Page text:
Filipino Money


As with any country, the Philippines has it’s own system of money – bank notes and coins in various shapes, sizes and denominations.

The coins begin as little as 5 centavos!  There’s a 5, 10 and 25 centavo coin.  Only certain businesses deal in centavos as they are worth so little.  I have yet to see anything that costs less than a few pesos, so cutting into a fraction of a peso seems unnecessary.  They are, however, pretty cute coins.  As you can see, they are all the brassy mint.
Next are the small denomination of pesos that come in coins.  There are the 1 peso coins along with 5 pesos or 10 pesos.  The 10 peso coin is the only two toned coin in the Filipino portfolio.
philippinepesocoins
Last but not least are the bills.  I don’t know what the largest is, but I always have a few 20s, 50s, 100s, 500s, and maybe a 1000 or two.  They also come in 200 pesos, but I rarely get those.  Similar to the Australian money, each bill is a different color.  This is great for looking in my wallet, but bad for keeping how much I am carrying confidential.  Lucky for me, i’m really terrible about carrying cash – I am always running out and stealing Mark’s.  haha!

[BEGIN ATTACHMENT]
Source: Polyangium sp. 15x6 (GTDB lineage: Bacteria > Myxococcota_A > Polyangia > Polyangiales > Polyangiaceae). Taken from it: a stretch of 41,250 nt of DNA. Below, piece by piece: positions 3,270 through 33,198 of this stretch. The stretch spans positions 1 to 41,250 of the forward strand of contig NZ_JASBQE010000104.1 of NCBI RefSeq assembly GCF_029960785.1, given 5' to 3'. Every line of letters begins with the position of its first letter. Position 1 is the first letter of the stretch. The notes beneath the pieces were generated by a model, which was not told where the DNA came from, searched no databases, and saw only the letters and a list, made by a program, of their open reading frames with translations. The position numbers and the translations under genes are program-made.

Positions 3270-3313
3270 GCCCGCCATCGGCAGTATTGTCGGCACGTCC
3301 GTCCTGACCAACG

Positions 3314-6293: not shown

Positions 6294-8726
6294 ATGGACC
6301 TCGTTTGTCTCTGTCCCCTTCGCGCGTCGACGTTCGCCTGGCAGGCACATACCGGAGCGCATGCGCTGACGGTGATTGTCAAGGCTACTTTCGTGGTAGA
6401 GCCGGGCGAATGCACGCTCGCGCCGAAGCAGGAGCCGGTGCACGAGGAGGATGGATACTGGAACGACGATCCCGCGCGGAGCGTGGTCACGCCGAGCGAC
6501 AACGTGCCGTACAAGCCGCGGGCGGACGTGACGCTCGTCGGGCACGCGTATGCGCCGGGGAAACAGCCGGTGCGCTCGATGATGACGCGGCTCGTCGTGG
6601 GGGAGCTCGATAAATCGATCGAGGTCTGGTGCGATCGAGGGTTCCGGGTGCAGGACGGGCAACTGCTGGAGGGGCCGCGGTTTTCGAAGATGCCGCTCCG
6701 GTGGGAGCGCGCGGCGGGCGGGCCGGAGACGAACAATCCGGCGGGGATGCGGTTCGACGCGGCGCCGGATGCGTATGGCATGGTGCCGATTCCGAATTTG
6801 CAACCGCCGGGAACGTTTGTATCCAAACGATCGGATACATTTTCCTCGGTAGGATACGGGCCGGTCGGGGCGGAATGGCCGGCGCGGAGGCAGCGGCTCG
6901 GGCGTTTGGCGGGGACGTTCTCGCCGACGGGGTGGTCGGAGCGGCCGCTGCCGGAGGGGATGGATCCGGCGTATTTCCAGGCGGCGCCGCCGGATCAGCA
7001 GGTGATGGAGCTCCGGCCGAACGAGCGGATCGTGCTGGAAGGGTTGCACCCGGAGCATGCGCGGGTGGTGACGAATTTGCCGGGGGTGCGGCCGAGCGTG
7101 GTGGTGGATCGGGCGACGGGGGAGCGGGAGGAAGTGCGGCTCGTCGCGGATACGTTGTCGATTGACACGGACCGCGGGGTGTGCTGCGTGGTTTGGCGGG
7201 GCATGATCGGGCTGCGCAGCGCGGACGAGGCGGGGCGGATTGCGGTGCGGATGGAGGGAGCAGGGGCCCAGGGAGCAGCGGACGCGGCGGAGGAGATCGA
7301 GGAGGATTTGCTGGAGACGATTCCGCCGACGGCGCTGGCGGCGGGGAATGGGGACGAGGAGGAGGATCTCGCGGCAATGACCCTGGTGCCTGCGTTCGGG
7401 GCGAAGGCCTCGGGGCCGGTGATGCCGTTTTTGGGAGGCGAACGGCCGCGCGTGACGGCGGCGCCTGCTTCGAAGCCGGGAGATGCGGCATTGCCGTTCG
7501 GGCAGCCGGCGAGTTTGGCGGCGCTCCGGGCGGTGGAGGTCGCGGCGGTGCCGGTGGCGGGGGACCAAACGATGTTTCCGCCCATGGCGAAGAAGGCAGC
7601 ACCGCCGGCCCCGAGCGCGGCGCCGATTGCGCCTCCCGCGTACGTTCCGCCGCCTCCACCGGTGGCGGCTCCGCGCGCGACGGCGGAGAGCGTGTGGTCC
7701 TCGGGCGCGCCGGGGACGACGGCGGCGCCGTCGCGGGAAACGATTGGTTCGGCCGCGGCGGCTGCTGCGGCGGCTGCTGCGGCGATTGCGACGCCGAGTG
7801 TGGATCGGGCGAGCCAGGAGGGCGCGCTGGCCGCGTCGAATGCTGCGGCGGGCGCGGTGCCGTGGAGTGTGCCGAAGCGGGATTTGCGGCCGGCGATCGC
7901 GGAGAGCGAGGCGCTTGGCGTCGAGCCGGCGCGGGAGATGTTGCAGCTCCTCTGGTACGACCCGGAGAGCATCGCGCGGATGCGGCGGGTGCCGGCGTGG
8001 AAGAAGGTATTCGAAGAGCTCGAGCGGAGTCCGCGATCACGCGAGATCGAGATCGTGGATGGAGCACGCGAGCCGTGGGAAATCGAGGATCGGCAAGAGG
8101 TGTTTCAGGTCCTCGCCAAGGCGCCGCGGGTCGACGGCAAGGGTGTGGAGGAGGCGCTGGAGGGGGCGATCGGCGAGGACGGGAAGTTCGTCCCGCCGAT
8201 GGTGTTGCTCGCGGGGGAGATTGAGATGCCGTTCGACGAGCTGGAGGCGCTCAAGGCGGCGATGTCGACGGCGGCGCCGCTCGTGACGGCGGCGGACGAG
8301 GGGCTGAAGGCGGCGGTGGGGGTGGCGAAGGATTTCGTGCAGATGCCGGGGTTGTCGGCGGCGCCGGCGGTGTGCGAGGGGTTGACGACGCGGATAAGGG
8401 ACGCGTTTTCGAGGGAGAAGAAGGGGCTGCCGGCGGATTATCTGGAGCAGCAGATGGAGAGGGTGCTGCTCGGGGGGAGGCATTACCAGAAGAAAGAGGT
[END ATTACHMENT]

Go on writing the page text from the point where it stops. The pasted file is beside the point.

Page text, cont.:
NewPHPBanknotes2010
I think because of my practice in Australia, I’m getting better at switching currencies.  Now, when we travel to other countries, I’m able to switch pretty quickly and get used to a new set of bills and denominations, new colors and sizes to everything.  Coins are definitely more difficult than the bills, but it’s just part of the learning process…

3 thoughts on “Filipino Money

  1. My father brought some old pesos home after WWII, but for the life of me, I can no longer find them. Things tend to disappear when you change residences.

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